As part of last week’s Leeds Creatives event, The Gryphon editor Jessica Murray sat down with headline speaker Adam Smith, founder of The Real Junk Food Project, to discuss how far the organisation has come in the last twelve months.
The Real Junk Food Project have had an extremely busy twelve months. The food waste initiative, founded by Adam Smith just a few miles away in Armley, has grown exponentially and there are now over 100 cafes spread across seven different countries. What started as one man’s idea became a global initiative that has enacted real change across the globe, bringing the problems of food waste and global poverty to the attention of many through the media storm they have created.
When I chatted to Adam just before his talk at the Leeds Creatives event last week, he was very ambivalent about the impact of all this media attention: “It’s been very tough. They want my time all the time. And what they don’t understand is that the reason I got to the stage where they want my time is because we are so committed and hands on with the work we do.”
On top of this, he finds the fact that the initiative is praised so often by the media unsettling and at odds with what the organisation sets out to do.
“To be able to achieve what we’ve achieved doesn’t sit very comfortably with me and I hate what we do, but I think it’s amazing what people do to contribute back into the bigger picture. They all care about the next generation and the environmental issues surrounding food waste.
“It’s a tough one for me because obviously emotionally I am so connected to it because I am the founder but I despise what we do and we’re designed to put ourselves out of business as quickly as possible, so we hope that we’re not around in the next 10-15 years time. If we are we’ll see ourselves as a failure, not a success. We should be looking at closing cafes, not opening more and more around the world.”
This anti-business model shows just how committed Adam and his team are, in addition to their clear rejection of any money-making commercialisation in the project. From day one they turned down the opportunity to film programmes with the BBC and Channel 4, or to invite star chefs such as Jamie Oliver into the original cafe.
He’s often attracted media attention for his scathingly honest opinions of such celebrity chefs, but makes it clear that he doesn’t regret his words.
“I know the guy [Jamie Oliver] personally, I know what he does, I know he makes £10-15 million every time he does a new show.
“And Jamie’s not the only one, Hugh Fearnley Whittingstall’s ‘War On Waste’ is a load of nonsense, but it brings it to light very quickly, and has a huge reach in a very short space of time.”
To him these celebrities are only in it for the ‘fashionable’ nature of the topic and the commercial success it brings them, while TRJFP is “deeply ingrained in some of the most complex social issues you could ever imagine, from street drinking to prostitution, all the way to child hunger, malnutrition, obesity and just poverty in general.” Unlike Jamie Oliver, they can’t go back to their luxurious homes at the end of the day. He does, however, acknowledge that these high profile projects bring the issue to light and increase the amount of volunteers heading to the pay-as-you-feel cafes around the country.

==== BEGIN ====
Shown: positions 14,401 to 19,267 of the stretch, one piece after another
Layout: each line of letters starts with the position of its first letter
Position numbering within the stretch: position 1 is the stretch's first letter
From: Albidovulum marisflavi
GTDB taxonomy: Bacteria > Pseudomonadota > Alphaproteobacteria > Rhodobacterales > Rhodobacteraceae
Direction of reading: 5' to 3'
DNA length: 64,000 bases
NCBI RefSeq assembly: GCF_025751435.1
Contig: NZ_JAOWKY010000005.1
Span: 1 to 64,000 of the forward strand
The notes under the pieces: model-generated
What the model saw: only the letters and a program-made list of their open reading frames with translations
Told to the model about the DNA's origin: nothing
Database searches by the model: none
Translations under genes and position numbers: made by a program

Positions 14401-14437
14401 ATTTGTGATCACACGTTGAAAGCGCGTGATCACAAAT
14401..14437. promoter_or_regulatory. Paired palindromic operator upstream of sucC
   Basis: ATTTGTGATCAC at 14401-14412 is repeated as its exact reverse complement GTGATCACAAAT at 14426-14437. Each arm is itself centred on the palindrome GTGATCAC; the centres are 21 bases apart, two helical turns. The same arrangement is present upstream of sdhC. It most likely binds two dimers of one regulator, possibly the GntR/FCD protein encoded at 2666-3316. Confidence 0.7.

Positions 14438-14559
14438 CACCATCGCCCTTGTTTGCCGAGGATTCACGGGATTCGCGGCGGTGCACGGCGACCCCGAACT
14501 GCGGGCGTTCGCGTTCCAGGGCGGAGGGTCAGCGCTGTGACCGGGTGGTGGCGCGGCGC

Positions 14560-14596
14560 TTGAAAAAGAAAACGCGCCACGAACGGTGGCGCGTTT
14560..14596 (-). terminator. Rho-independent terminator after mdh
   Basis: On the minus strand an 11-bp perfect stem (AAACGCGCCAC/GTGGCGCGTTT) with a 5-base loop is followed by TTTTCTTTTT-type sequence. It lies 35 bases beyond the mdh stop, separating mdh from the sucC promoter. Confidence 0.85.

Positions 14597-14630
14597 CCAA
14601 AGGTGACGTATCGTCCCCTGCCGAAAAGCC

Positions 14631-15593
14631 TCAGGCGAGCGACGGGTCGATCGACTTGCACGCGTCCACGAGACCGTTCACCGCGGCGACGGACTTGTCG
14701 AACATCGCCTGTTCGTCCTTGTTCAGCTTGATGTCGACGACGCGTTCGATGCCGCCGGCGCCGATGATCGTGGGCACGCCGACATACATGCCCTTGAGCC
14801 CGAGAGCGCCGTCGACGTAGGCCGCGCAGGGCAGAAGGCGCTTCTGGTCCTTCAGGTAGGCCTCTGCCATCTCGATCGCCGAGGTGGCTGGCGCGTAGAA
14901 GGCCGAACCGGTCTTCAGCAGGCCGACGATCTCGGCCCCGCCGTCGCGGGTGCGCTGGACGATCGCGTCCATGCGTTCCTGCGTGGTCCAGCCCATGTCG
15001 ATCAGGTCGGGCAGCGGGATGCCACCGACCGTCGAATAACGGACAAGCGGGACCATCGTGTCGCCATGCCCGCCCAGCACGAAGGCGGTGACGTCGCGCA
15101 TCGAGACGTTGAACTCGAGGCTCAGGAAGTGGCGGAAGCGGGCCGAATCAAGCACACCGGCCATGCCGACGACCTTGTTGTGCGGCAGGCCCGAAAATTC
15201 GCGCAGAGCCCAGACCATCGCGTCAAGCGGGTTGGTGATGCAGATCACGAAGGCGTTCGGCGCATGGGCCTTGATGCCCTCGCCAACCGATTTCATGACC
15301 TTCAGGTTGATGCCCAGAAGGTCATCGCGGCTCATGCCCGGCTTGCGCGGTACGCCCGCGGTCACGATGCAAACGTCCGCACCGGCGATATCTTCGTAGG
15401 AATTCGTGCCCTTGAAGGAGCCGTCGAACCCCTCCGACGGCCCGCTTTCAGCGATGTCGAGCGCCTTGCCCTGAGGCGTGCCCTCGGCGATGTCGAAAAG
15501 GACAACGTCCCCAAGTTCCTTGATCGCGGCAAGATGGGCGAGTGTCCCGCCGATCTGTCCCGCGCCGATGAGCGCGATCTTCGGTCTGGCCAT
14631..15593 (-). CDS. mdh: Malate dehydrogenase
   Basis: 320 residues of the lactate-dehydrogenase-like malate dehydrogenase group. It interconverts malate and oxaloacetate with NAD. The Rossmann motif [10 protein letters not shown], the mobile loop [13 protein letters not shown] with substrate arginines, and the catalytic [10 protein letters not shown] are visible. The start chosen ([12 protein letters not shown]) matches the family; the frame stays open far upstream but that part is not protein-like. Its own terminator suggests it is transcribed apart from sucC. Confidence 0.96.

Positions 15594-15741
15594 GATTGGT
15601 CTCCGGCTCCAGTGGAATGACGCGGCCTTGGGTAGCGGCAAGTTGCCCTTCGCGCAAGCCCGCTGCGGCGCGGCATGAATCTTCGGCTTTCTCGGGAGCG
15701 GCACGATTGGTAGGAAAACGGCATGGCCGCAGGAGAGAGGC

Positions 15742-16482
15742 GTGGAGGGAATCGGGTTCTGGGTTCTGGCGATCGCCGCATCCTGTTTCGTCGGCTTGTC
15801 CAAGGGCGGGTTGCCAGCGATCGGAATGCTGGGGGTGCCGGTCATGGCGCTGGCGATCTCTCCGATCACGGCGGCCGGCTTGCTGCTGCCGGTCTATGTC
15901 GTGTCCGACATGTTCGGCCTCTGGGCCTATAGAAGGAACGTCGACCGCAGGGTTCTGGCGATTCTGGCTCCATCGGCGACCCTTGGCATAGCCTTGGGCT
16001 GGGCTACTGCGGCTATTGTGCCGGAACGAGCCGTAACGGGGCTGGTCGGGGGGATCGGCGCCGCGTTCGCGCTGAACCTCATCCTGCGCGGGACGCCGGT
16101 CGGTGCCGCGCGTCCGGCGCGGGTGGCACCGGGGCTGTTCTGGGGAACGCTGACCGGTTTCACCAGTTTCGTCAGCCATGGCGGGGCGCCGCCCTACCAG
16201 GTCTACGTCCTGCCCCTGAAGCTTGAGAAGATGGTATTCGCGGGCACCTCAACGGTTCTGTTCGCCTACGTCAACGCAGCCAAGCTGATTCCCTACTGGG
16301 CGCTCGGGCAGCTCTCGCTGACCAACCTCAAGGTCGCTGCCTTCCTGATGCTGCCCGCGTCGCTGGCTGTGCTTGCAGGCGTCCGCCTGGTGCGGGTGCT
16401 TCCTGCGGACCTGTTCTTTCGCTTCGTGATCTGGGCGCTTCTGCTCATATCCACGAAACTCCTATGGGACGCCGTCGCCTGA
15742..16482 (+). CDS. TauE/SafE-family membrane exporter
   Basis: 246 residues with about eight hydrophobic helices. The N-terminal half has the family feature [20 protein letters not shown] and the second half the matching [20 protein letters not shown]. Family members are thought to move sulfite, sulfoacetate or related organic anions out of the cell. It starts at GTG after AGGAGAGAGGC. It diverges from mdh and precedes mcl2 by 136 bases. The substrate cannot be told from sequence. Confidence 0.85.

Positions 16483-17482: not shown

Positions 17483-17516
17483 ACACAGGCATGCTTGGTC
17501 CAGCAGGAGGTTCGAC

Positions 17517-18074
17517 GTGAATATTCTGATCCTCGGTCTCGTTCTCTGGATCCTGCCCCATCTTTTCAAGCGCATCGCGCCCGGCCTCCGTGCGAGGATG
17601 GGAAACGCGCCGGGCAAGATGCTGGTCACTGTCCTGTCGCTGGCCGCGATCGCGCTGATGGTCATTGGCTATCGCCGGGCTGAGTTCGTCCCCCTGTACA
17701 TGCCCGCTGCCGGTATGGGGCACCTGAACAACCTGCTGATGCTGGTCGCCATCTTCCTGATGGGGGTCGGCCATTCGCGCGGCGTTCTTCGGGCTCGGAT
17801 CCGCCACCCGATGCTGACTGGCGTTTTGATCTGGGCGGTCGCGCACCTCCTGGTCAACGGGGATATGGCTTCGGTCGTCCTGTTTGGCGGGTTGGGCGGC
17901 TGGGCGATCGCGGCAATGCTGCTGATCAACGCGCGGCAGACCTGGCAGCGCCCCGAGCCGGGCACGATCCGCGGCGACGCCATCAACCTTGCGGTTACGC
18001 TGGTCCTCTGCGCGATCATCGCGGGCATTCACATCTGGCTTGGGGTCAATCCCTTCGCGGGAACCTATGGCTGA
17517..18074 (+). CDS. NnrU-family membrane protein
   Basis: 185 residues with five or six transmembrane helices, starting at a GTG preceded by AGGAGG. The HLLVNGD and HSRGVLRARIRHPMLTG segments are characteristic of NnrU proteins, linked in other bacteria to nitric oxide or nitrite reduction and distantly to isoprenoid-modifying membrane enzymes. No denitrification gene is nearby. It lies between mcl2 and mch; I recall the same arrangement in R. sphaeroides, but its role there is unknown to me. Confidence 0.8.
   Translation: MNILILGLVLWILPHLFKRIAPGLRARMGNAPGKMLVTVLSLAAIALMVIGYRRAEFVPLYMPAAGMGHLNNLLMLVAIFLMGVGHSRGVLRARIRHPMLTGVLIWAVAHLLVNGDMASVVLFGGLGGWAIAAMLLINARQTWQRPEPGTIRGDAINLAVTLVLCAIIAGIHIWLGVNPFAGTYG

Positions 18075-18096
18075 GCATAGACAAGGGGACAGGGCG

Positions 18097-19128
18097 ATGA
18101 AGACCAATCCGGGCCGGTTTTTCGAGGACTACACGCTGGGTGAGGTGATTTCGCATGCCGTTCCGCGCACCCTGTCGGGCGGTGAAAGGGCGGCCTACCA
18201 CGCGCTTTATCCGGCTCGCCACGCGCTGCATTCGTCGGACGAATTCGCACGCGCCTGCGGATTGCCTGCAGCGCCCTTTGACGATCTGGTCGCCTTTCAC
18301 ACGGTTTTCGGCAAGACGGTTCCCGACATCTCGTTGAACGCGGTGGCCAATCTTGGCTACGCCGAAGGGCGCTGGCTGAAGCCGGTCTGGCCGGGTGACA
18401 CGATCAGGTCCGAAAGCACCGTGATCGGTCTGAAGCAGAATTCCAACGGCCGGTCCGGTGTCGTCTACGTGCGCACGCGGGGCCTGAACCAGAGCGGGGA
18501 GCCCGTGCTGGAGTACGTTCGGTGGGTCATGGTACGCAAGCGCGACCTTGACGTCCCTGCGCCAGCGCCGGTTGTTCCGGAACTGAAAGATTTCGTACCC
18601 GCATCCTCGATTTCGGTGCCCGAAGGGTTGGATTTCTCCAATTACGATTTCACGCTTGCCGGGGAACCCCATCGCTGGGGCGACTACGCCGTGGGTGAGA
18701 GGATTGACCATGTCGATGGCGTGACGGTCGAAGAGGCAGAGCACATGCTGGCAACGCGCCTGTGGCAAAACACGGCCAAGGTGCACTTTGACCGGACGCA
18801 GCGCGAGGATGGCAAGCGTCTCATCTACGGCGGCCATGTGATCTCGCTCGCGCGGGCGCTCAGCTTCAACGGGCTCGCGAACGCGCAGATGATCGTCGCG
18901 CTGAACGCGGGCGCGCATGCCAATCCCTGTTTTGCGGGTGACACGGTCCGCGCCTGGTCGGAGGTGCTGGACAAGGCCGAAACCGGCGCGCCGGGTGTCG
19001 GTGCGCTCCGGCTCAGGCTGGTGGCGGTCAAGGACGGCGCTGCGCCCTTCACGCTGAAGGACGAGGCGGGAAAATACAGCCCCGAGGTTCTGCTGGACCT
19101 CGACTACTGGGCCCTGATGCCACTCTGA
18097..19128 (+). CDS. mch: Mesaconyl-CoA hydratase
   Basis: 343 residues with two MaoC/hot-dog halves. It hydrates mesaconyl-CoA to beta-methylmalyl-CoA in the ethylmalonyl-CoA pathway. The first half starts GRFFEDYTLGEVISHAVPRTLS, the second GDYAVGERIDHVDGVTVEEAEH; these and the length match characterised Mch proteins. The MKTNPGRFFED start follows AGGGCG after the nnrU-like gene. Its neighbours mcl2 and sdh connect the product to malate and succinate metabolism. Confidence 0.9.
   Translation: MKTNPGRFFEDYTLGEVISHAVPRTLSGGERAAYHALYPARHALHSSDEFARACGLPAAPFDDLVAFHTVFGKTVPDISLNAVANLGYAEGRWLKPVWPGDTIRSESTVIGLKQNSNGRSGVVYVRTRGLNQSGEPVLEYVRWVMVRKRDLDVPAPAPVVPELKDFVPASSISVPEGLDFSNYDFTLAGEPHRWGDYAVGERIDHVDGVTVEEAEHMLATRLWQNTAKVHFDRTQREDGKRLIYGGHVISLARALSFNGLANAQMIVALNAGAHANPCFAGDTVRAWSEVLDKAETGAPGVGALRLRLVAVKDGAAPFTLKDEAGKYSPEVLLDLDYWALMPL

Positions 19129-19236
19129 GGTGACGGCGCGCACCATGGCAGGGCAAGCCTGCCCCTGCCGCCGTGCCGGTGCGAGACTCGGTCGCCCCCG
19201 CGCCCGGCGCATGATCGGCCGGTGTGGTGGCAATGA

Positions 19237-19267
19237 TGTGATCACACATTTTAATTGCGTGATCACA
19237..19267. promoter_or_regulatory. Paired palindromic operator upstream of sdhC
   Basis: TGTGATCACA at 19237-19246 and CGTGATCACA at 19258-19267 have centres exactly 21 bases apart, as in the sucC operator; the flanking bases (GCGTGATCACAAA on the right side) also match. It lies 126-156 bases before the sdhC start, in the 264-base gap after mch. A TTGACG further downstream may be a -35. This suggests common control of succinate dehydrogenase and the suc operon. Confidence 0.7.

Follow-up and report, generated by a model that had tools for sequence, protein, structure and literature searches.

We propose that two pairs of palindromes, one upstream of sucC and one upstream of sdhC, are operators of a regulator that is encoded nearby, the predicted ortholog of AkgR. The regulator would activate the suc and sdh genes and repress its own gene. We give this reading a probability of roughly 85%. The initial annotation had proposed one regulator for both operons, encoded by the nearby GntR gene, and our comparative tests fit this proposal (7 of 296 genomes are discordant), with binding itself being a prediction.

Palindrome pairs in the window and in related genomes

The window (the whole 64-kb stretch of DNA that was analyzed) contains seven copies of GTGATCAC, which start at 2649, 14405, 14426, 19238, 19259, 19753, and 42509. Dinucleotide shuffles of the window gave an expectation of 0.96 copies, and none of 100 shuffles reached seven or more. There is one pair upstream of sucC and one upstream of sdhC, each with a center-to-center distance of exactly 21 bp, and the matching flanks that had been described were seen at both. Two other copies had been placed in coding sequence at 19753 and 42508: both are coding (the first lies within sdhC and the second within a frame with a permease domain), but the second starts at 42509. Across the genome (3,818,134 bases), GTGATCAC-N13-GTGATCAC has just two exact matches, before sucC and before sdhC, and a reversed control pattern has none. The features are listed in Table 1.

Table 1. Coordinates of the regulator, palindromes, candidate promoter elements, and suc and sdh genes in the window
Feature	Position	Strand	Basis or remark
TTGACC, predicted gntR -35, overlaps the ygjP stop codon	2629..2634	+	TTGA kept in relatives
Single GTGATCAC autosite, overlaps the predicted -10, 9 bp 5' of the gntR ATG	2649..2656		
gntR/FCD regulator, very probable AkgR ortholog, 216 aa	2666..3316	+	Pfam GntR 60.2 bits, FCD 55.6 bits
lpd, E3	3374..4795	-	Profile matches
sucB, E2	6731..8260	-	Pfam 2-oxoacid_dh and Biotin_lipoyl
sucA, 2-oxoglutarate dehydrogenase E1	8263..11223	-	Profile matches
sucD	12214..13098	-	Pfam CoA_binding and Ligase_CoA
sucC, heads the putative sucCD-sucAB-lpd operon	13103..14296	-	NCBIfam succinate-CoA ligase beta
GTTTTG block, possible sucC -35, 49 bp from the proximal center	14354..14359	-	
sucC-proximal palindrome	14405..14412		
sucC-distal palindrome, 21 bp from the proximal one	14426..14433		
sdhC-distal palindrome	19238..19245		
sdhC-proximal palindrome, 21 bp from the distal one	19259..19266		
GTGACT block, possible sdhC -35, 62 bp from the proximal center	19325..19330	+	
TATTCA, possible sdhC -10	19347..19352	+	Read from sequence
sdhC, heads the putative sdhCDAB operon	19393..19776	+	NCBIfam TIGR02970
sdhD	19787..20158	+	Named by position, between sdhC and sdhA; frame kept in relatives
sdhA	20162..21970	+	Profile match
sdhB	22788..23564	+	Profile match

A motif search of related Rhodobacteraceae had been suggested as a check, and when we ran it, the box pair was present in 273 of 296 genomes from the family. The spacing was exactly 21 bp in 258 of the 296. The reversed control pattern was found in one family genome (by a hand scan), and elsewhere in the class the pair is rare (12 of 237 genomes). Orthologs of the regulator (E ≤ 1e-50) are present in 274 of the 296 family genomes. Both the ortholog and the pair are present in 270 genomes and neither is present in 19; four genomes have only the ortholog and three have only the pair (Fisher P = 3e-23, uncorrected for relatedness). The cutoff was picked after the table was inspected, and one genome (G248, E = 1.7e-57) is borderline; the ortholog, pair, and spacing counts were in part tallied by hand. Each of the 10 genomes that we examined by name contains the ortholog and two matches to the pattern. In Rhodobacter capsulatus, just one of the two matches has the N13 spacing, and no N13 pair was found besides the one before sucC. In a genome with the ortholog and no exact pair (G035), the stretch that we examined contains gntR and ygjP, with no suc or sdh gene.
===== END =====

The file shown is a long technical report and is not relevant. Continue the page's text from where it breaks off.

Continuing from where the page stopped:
It’s clear as Adam talks, rapidly and determinedly, that this is all about that one clear goal, that one clear vision he has in his mind to “feed the world”. He claims that the idea came to him on a farm in Australia on 22nd February 2013, and since then he has never looked back. His passion for the project is enormous, and for all the bold egotism he displays towards the media and celebrity chefs, he is incredibly humble and down to earth.
“I was voted one of the 40 most influential men in the world in 2014, and it wasn’t because of me as such, it was because of how I approached what we did, we rattle cages, we piss people off, but we do it because we believe it’s the right thing to do”.
His approach to life is so startlingly direct it can catch you off guard – like it did just minutes after our interview when he took to the stage and began his speech with a story about a near fatal car crash he was in a few years ago, where the only thing that kept him going was the cocaine in his system. But it’s this down-to-earth association with the people he helps that has made him so successful.
He’s determined to open his projects and cafes to anyone and everyone, regardless of wealth, to remove the stigma of charity and to further his vision that food should be a human right freely available to everyone. He has provided thousands of school children with free breakfast, and ‘accidentally’ set up the first pay-as-you-feel supermarket – they had received a huge stockpile of food that needed distributing, so they invited people down to their warehouse to help themselves.
Despite all the media hurrah, the fluctuating public interest in the project and the problems they face, Adam’s end goal is perfectly clear, “I hope, eventually, global leaders will come together and realise that this isn’t just an issue in the West or the UK or in Leeds, this is a global issue and it’s affecting every single one of us and it will destroy our planet single-handedly if we don’t get a grip on our agriculture system and our food waste issues.”